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Multicultural and global educator Dr. Maya Soetoro-Ng will engage artist, slam poet, filmmaker and author Kip Fulbeck as part of the Japanese American National Museum’s on-going series, “Conversations”, in a special ticketed presentation set for Saturday, June 12, beginning at 7:30 p.m. in the Tateuchi Democracy Forum. Tickets are $15 for National Museum members and $20 for non-members.
Soetoro-Ng, who is currently an education specialist at the East West Center which promotes cooperation and exchange between the United States and Asia, has spent her career developing humanities curriculum for alternative public and private schools in New York City and Honolulu and conducting teacher training workshops in the U.S. and Indonesia. A lecturer in the University of Hawaii's College of Education from 2000 to 2006, she earned her Ph.D. from the University of Hawaii in international comparative education. Soetoro-Ng is also known as President Barack Obama’s maternal half-sister, having been born and raised in Indonesia and educated in Hawai`i. She
campaigned for her older brother during the 2008 Presidential election.
Fulbeck, an award-winning artist, performer, and professor of art at the University of California, Santa Barbara, created the current National Museum exhibition, Mixed: Portraits of Multiracial Kids by Kip Fulbeck, featuring over 70 framed photographic images of children of multiple racial heritage and their statements or drawings. Fulbeck also created a book under the same title as the exhibition and is known as a leading artist and filmmaker on the subject of mixed race identity. He maintains a number of on-going projects, including the Web site, http://thehapaproject.com/. He also developed the extremely popular 2006 National Museum exhibition, kip fulbeck: part asian, 100% hapa, which drew thousands of visitors.
Soetoro-Ng, whose father is Indonesian, wrote the foreword to Fulbeck’s book. In it, she explains, “There are advantages and disadvantages to being mixed. On one hand, mixed kids have an expanded worldview; on the other hand, they may feel torn by divided loyalties. I envied those around me who had a clear community. There is great value in seeing ourselves reflected in others and knowing that there is some shared experience between us and others ‘out there.’ “
Actress Amy Hill will moderate the conversation. Hill, whose mother was Japanese, has worked steadily over the years in films, television and stage. She had a prominent role in the film “50 First Dates” and regularly voices characters in animated series such as King of the Hill, American Dad and Lilo and Stitch. She will be heard in the upcoming Nickelodeon series Kung Fu Panda and recently made a pilot for HBO, co-starring Laura Dern.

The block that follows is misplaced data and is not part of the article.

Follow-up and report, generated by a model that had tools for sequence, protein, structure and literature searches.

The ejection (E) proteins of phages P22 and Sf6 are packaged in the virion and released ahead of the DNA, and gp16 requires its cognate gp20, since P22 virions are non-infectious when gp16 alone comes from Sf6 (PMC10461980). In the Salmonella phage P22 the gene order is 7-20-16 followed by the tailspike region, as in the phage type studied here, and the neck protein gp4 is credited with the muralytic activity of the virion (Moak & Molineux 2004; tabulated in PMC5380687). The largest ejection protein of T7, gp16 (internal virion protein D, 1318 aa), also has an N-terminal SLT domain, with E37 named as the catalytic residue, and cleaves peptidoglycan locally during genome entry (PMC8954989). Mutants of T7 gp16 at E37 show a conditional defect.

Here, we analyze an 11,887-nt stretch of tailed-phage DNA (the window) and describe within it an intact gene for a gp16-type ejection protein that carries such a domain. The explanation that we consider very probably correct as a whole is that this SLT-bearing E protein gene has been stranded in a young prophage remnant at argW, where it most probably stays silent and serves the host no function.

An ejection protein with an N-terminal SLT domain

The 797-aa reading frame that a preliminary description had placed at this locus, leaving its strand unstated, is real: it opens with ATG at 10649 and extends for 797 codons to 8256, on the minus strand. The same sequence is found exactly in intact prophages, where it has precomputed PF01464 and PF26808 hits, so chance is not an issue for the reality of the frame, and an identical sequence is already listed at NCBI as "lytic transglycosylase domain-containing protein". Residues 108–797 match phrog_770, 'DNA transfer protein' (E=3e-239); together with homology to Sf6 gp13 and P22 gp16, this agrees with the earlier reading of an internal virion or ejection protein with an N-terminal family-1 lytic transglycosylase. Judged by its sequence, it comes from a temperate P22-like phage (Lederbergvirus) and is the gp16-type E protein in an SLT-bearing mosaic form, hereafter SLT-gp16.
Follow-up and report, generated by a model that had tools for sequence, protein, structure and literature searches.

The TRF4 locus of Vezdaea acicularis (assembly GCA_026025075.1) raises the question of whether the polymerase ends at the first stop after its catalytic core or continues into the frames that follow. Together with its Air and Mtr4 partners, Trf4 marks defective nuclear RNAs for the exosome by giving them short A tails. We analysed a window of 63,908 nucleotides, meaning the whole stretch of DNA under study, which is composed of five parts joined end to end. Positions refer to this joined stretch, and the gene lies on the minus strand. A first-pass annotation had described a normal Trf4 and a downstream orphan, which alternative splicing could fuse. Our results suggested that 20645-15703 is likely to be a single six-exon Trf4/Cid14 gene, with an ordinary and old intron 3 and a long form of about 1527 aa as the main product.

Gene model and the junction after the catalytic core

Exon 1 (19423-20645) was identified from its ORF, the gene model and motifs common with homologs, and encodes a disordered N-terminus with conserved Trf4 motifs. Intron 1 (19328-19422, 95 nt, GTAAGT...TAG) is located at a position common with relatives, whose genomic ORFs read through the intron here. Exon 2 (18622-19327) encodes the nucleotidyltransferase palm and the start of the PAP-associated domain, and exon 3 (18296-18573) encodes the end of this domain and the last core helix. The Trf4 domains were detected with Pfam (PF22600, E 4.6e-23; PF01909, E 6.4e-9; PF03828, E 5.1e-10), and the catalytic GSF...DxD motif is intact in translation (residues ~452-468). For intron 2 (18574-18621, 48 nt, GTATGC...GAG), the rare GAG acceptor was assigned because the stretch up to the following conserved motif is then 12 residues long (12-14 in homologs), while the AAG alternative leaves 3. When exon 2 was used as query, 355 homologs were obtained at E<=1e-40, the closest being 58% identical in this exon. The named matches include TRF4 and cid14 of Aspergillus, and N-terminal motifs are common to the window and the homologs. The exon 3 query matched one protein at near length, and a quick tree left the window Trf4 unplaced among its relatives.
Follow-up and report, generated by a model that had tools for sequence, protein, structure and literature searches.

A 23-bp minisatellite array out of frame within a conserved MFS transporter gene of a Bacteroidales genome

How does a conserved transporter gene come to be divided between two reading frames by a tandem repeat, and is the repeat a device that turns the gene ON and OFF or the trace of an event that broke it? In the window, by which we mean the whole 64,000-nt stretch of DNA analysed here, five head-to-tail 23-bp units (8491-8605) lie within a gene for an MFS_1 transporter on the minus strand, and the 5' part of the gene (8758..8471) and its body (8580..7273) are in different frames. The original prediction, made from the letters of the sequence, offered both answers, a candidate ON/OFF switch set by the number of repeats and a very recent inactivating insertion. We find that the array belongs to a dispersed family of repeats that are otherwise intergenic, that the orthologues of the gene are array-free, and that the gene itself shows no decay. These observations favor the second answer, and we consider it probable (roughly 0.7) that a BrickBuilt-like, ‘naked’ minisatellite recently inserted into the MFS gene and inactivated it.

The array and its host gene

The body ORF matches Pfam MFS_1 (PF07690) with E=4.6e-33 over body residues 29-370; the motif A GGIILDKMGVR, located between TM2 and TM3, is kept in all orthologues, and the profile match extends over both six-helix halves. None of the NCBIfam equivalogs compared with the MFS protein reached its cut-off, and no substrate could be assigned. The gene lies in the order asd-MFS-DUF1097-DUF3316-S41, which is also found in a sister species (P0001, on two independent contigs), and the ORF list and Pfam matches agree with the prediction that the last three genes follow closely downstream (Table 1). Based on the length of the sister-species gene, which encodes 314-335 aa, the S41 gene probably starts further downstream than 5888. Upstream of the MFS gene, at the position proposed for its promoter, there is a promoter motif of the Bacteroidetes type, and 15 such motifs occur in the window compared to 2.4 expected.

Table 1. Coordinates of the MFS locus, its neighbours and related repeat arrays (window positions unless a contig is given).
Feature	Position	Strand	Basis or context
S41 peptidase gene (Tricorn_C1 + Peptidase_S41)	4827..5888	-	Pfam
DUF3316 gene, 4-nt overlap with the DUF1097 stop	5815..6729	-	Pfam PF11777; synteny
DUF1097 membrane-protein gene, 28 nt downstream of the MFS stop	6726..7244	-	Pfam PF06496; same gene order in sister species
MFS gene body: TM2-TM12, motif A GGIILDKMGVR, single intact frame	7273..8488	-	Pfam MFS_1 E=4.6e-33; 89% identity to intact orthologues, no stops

“The Japanese American National Museum is very proud to help bring together Maya Soetoro-Ng and Kip Fulbeck,” stated Akemi Kikumura Yano, President & CEO of the National Museum. “As the 2000 Census made clear, there is a growing population with multi-cultural, multi-ethnic backgrounds. Both Kip and Maya have been at the forefront in articulating their experiences and the National Museum is pleased to have them discuss their lives in our Tateuchi Democracy Forum.”
This event includes the presentation of the Loving Prize by the Mixed Roots Film & Literary Festival (which takes place at the National Museum on Sunday, June 13, beginning at 11 a.m.). The Loving Prize is named in honor of the June 12, 1967 Supreme Court decision, Loving v. Virginia, in which the remaining anti-miscegenation laws in 16 states, which banned marriages between the races, were finally struck down. Several groups and organizations now commemorate that landmark case by celebrating June 12 as Loving Day.
The Loving Prize, established in 2008, is awarded annually to outstanding artists, storytellers and community leaders for inspirational dedication to celebrating and illuminating the Mixed racial and cultural experience. Previous honorees include Kip Fulbeck, James McBride, Angela Nissel and Maria P.P. Root. The award will be presented prior to the Kip Fulbeck-Maya Soetoro-Ng program. For more information on the Mixed Roots Film & Literary Festival, go to mxroots.org.
“Conversations” is an on-going series for the National Museum that brings together distinguished and accomplished individuals and provides the opportunity for them to share their experiences and points-of-view on a variety of subjects. The series was inaugurated last year with former Secretary of Transportation Norman Mineta and actor/activist George Takei.
Presenting Sponsor for “Conversations” is the MedLife Foundation, with additional support from American Airlines, Tateuchi Foundation, the City of Los Angeles’ Department of Cultural Affairs and Mixed Roots Film & Literary Festival. Media sponsors are the Los Angeles Downtown News and the Rafu Shimpo.
For more information on “Conversations” or to reserve tickets, call the Japanese American National Museum at (213) 625-0414. For more information on the National Museum and its programs, go to www.janm.org.